Efforts were directed at producing, if not an official new Prayer Book, then an approved alternative. Some authors never really recovered from the experience.
Illustration by David Anderson, www.davidandersonillustration.com
It’s hard to believe that 25 years have passed since the Book of Alternative Services (BAS) came into print. To put it into perspective, the Book of Common Prayer 1962 was the last conservative revision of that hallowed volume. To give it its due, it represented the end of the old “high church versus low church” battles that had been the source of controversy in Canadian Anglicanism for so long.
Howard Clark’s presentation to the General Synod of 1959 in St. Anne de Bellevue, Que. produced a unanimous vote for the proposed new book, and also resulted in his election as Primate. But the 1960s brought about a radical questioning of all our institutions, and “our beloved church,” as our present Primate so aptly calls it, was in the forefront of that change.
In 1963 John Robinson’s Honest to God popularised what scholars for 200 years had discovered, and unleashed a wave of questioning among the laity. In the same year, the General Synod commissioned Pierre Berton, as a disaffected Anglican, to write The Comfortable Pew, which also had an impact, at least in North America. At about the same time Ernest Harrison wrote Let God Go Free, and the Anglican Congress of 1963 produced a document called Mutual Responsibility and Interdependence in the Body of Christ (MRI), which marked the beginning of a global shift in relations between “First World” and “Third World” churches, the implications of which are still with us today.
In any event, the decade of the sixties unleashed a demand for forms of worship far more contemporary than the Book of Common Prayer. Influenced too by other parts of the Anglican Communion, as well as by the winds of change ushered in by the Second Vatican Council, many parishes began to produce “experimental liturgies” while some began to admit children to communion before confirmation. In the late sixties the so-called Netten Report urged the church to adopt (for better or worse) a more business-like model of governance, and the New Curriculum attempted to infuse contemporary pedagogical principles into Sunday Schools.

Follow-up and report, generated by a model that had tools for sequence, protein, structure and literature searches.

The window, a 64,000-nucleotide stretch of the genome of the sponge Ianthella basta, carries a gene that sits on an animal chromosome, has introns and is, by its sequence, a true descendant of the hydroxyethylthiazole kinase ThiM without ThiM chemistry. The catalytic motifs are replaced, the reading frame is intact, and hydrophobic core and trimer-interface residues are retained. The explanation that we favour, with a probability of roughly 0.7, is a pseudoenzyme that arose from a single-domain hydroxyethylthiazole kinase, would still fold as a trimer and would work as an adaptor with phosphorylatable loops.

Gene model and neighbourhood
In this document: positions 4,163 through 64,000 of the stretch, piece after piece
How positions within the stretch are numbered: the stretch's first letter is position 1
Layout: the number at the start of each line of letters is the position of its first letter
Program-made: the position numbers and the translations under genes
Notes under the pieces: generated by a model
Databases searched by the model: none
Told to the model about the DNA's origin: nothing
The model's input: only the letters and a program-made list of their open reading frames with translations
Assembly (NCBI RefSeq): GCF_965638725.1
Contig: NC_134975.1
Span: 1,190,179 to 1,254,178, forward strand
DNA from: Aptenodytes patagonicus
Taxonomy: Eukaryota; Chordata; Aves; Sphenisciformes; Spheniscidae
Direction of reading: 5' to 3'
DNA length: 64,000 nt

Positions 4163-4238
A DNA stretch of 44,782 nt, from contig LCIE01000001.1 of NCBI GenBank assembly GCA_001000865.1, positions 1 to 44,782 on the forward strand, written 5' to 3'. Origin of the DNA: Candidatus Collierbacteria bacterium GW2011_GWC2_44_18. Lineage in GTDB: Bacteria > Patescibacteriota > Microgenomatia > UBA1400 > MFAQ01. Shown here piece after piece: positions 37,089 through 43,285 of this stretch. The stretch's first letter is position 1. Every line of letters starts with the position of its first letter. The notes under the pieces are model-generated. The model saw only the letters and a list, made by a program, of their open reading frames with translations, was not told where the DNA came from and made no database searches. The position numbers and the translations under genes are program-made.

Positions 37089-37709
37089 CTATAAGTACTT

While many of these initiatives failed, General Synod commissioned the Doctrine and Worship Committee to bring some kind of order out of the chaos which characterised much of our worship in this period. Official “trial liturgies” were produced and tested, and from 1970 on, efforts were directed at producing, if not an official new prayer book, then an approved alternative which would bring greater cohesion to our liturgical practices. One important lesson learned was not to assign the writing of new rites to single individuals. On a couple of occasions, individual authors had their work torn apart by the Doctrine and Worship Committee as a whole, and never really recovered from the experience.
From 1970-1974, I was privileged to be a member of the General Synod’s Doctrine and Worship Committee (now Faith, Worship and Ministry). Partly to save travel expenses, different regions of the country were assigned different areas of work. Having moved to Vancouver in 1973, I found myself primarily involved in the rites of Christian Initiation. This was also the time when the World Council of Churches was producing a ground-breaking agreement on Baptism, Eucharist and Ministry (the famous BEM document).
I was one of those who initially opposed the movement to create an official Book of Alternative Services, because I felt it might stifle much of the creativity which the sixties and seventies had unleashed. In some ways, this is what happened, but the BAS enabled a broad spectrum of Anglicans to embrace, under the guise of “an official book with a cross on the cover,”, a reasonable consensus.
There were, of course, clergy so opposed to change that they deliberately sabotaged the introduction of the new book; and many dioceses did little to educate clergy and laity on how to use it. But I also remember an introductory session on the BAS in which participants were surprised to discover that one of the “new” Eucharistic prayers was based on a second century model, and that in many ways, the BAS was more traditional than the BCP. In the end, the BAS has become the liturgical norm for most of the church, aided by the publication of Common Praise as the new official hymnal in 1998.
Still, the radical questioning of the church and its forms of worship and governance has continued. While the BAS has indeed helped us to move forward together, it still fails to meet the needs of a church engaged with a secular, pluralistic society. Many parishes are exploring forms of worship which, for better or worse, seek to engage the culture in which we now find ourselves.
The BAS is not “the last word in liturgy” but we can be grateful for the ways in which it has brought us together, and provided a platform for the ongoing renewal of the church. Still, what was true in 1985 remains true today-it’s not enough to produce a book of words; good liturgy happens when presiders and participants have a deep sense of what they are doing, so that form acquires substance, and the deep drama of worship springs to life. All this requires preparation and commitment. Parishes which take liturgy really seriously usually do it well, and they are the ones which continue to attract worshippers.
The Rev. Canon Peter W. A. Davison is a member of the Anglican Journal Board of Directors. He lives in Vernon, B.C., in the diocese of Kootenay.